The real estate sector is pinning its hopes on lenders to quickly transmit the RBI’s decision of 25 basis points cut in repo rate into lower lending rates to boost home sales.
“Following this rate cut, it is critical for banks to reduce interest rates so that the benefits can be enjoyed by the end user. The new governor, Urijit Patel’s move to cut rates by 25 bps will infuse confidence in the system thereby providing a boost to not only the real estate sector,” Surendra Hiranandani, Chairman & Managing Director, House of Hiranandani, said.
Hiranandani said lower home loan rates would provide greater filip to the real estate sector. “While RBI has cut policy rates at regular intervals, banks have not followed suit by reducing them proportionately. The combination of lower interest rates alongside the progressive measures taken by the government towards reforms has the potential to reinvigorate demand in all segments of the economy,” he said.
Shishir Baijal, Chairman & Managing Director, Knight Frank India, agrees. “A 25 bps cut in policy rate is encouraging and signals well for the real estate sector. We do hope that the transmission of the rate cut is efficient and banks pass on the benefit to the customers in similar magnitude,” he said.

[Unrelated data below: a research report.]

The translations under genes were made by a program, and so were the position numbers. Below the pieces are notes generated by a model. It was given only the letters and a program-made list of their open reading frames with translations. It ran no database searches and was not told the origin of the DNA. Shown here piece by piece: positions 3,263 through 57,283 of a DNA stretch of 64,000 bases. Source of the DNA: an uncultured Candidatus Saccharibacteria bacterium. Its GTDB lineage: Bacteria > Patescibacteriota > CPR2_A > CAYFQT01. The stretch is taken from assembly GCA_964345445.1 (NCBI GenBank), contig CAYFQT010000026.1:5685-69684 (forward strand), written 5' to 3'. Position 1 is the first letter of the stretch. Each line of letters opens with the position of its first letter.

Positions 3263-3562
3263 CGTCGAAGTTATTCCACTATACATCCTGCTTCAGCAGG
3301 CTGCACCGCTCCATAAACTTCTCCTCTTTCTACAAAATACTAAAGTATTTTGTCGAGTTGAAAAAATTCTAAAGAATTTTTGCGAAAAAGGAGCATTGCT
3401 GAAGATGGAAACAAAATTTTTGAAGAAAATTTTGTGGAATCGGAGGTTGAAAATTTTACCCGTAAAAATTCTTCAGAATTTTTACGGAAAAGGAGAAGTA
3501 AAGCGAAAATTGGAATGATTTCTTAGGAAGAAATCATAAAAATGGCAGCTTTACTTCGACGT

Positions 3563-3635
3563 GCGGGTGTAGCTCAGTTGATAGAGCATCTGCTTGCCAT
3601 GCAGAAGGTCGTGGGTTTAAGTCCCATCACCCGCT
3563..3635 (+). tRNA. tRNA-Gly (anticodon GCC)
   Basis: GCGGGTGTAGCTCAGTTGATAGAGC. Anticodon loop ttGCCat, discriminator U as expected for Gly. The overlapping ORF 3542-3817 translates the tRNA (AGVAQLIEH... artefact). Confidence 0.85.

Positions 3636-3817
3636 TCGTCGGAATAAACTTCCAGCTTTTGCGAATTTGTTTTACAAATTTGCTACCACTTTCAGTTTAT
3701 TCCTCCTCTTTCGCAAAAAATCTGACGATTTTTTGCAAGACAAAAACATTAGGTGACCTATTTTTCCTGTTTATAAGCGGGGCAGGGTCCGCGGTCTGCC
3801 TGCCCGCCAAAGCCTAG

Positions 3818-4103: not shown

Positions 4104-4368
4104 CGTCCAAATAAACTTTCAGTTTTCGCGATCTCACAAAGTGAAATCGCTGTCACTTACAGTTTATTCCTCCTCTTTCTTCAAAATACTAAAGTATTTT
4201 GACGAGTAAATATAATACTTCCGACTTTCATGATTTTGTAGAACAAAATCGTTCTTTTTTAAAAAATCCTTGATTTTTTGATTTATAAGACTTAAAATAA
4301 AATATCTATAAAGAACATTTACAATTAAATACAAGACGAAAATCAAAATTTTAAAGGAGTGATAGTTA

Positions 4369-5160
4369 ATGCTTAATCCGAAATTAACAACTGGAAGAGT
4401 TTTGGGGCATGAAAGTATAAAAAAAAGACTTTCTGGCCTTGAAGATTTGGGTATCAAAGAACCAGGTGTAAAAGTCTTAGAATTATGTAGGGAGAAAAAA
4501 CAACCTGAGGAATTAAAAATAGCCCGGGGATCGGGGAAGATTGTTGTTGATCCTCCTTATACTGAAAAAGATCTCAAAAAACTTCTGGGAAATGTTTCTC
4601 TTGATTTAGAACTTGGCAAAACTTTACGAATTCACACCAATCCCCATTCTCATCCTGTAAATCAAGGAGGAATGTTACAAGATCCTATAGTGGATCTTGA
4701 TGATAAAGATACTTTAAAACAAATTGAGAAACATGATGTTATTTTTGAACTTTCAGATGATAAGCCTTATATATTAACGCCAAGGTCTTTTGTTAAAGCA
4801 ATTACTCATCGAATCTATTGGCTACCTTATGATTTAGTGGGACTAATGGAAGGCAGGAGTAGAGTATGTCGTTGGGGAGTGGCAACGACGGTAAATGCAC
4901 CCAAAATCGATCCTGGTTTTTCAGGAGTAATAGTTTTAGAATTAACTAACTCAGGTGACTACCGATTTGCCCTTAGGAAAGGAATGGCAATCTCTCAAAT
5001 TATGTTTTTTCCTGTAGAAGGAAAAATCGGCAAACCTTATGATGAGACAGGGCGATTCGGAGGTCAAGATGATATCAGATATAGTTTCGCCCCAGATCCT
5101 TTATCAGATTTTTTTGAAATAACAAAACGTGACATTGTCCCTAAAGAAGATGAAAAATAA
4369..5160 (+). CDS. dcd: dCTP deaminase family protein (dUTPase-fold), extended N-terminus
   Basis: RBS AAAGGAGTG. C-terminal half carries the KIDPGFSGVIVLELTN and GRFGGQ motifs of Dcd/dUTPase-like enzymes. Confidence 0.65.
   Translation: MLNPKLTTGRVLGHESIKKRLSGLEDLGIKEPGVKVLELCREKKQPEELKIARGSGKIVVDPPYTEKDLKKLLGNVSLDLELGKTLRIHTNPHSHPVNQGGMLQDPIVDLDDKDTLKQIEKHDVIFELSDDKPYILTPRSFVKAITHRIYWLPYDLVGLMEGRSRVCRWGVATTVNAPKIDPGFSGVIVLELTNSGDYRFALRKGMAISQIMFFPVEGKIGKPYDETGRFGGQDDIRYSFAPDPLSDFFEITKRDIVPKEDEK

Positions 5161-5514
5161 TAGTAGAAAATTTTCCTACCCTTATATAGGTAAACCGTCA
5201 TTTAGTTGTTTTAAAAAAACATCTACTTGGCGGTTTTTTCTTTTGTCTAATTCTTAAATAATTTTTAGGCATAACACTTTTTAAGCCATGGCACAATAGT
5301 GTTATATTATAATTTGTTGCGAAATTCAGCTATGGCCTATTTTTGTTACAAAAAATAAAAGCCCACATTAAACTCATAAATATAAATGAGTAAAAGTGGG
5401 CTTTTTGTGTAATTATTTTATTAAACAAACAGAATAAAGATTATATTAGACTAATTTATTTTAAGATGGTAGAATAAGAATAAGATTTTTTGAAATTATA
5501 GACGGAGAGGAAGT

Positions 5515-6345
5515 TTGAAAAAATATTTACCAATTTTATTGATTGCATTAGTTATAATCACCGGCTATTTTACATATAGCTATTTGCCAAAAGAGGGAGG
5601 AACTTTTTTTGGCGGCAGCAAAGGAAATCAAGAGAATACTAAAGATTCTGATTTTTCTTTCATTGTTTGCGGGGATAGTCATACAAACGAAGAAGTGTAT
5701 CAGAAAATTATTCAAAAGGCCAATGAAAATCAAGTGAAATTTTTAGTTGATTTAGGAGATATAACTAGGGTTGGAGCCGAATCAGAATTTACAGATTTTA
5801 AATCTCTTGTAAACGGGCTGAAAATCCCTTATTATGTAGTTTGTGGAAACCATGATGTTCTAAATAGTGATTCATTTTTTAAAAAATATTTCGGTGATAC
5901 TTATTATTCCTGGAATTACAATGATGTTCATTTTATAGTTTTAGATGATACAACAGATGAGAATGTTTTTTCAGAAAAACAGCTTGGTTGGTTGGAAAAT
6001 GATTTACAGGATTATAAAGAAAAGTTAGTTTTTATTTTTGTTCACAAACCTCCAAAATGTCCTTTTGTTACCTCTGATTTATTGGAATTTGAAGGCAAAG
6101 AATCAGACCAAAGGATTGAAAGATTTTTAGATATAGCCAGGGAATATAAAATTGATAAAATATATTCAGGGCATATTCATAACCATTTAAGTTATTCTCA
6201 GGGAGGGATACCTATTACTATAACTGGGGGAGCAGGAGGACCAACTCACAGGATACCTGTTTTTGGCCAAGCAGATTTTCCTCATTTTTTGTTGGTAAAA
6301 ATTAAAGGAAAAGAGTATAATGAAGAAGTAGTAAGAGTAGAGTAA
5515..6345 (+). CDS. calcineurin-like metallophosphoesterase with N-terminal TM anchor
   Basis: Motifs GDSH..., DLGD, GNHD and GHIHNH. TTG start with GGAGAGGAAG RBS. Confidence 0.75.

Leading real estate players also said that the RBI and government should impress upon lenders to lower lending rates. “The Finance Ministry and RBI should ask banks to transfer the benefits to the end consumer. This initiative has to be transferred to its end beneficiary for any positive effect on ground to the ongoing economic cycle,” Amit Modi, Director, ABA Corp and Vice President CREDAI Western UP said.
Anuj Puri, Chairman & Country Head, JLL India, says RBI move will improve sentiments, but only marginally. “Unless Real Estate Regulatory Act (RERA) and other pro-consumer policies come into play, buyers will continue to be wary. Therefore, we can expect only a marginal improvement in sentiment on the back of this rate cut. At this point, there is also no ready answer to the question of to what extent banks will actually pass on the benefit of the rate cut to borrowers,” Puri said.